argon argon - 5 months ago 12
Node.js Question

JavaScript - how to identify or define THE "global" (super-global) for cross-platform use in strict mode

global reference



I'm looking for a way to check if the "global" (super-global, -like "window") exists -and if not, to create it as such.

I've seen this done in some code on GitHub a few weeks ago, but, now that I need it, I can't find it anywhere. I may have miss-looked, but it was very short and all intelligent like on 1 (short) line - without
if
, and without using
var
(or
let
) - in global scope --> in strict mode.

I've been searching for 2 hours trying to find this and all I can find is countless references to "global variables" - which in this case, clearly not a "variable" as the super-global "window" (or in NodeJS "global") is not mutable.

The solution I currently have is not that great, but it works, sort-of:

"use strict";

if ('undefined' == typeof global)
{
Object.defineProperty
(
window,'global',
{
writable:false,
configurable:false,
enumerable:false,
value:window
}
);
}


So, if you try something like:

global = 'bite me!';


Then the behavior is as expected, it throws:


Uncaught TypeError: Cannot assign to read only property 'global' of...


Which is good, -exactly as it should behave.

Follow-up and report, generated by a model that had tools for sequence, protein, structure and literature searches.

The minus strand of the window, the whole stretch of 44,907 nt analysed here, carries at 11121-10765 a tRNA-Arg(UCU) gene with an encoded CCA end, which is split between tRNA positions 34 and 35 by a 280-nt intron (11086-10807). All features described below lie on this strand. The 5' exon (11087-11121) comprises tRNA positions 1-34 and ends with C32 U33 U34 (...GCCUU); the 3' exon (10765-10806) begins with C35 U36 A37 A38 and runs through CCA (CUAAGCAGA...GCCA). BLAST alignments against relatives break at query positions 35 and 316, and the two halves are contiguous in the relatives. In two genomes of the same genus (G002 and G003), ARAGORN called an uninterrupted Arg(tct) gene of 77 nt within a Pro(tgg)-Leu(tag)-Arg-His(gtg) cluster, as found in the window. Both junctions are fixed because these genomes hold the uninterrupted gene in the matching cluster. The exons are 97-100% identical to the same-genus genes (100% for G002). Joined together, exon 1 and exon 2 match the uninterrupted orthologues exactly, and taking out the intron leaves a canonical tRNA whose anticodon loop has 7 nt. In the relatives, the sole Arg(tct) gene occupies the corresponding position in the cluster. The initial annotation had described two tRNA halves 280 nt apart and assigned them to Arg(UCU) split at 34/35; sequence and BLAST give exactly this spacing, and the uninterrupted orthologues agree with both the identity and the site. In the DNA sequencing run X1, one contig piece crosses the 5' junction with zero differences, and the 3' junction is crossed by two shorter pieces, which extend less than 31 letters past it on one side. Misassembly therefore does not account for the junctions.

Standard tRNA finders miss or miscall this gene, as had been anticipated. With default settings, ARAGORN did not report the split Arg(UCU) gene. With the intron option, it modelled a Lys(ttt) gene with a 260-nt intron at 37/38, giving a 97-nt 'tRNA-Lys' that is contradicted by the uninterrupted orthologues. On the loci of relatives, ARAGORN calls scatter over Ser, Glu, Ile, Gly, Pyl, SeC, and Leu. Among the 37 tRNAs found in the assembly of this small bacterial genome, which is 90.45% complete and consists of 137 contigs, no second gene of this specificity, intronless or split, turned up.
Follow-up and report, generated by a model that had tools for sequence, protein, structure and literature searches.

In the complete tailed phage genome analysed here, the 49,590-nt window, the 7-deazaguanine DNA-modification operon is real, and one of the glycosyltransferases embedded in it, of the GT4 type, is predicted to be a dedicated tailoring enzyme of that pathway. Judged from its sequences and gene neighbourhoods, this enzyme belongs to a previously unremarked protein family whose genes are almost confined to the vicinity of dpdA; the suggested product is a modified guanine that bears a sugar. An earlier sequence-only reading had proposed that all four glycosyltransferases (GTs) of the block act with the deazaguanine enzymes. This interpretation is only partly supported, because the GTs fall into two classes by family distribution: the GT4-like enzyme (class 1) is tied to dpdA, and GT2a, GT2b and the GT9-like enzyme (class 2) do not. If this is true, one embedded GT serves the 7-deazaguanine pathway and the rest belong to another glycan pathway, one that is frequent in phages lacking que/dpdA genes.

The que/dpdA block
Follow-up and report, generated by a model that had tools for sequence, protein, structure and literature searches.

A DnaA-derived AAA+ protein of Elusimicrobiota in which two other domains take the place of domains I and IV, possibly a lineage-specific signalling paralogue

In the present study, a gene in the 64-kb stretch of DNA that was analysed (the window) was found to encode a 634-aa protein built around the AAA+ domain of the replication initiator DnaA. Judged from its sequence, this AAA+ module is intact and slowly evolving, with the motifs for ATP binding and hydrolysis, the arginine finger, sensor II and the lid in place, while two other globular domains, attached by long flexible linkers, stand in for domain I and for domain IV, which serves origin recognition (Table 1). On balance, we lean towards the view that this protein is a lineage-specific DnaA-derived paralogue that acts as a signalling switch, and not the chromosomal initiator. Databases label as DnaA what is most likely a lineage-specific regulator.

I'm not sure if this is the correct way to define it, because if I do something like:

console.log(global);


Then the console shows something like this:


Window {top: Window, ...


Which tells me that it is not identified as "global" but as "window"; -which is all fair and well being a "circular"; however, I'm sure there's a better way to do this.

Any input will be much appreciated, thanks

Answer

I never thought this would actually work; but it does!
In global scope, after use strict; you can simply do this:

this.Main = this;

Now you can simply call and define things on Main as you would with window -or- global; and these new properties will exist in the global scope as expected.

After you've made the changes you want to this object; simply call:

Object.freeze(this.Main);  // makes it immutable


If you want to do it all in one go (for no valid reason whatsoever) you can do this:

Object.freeze(this.Main=this);  // it actually works!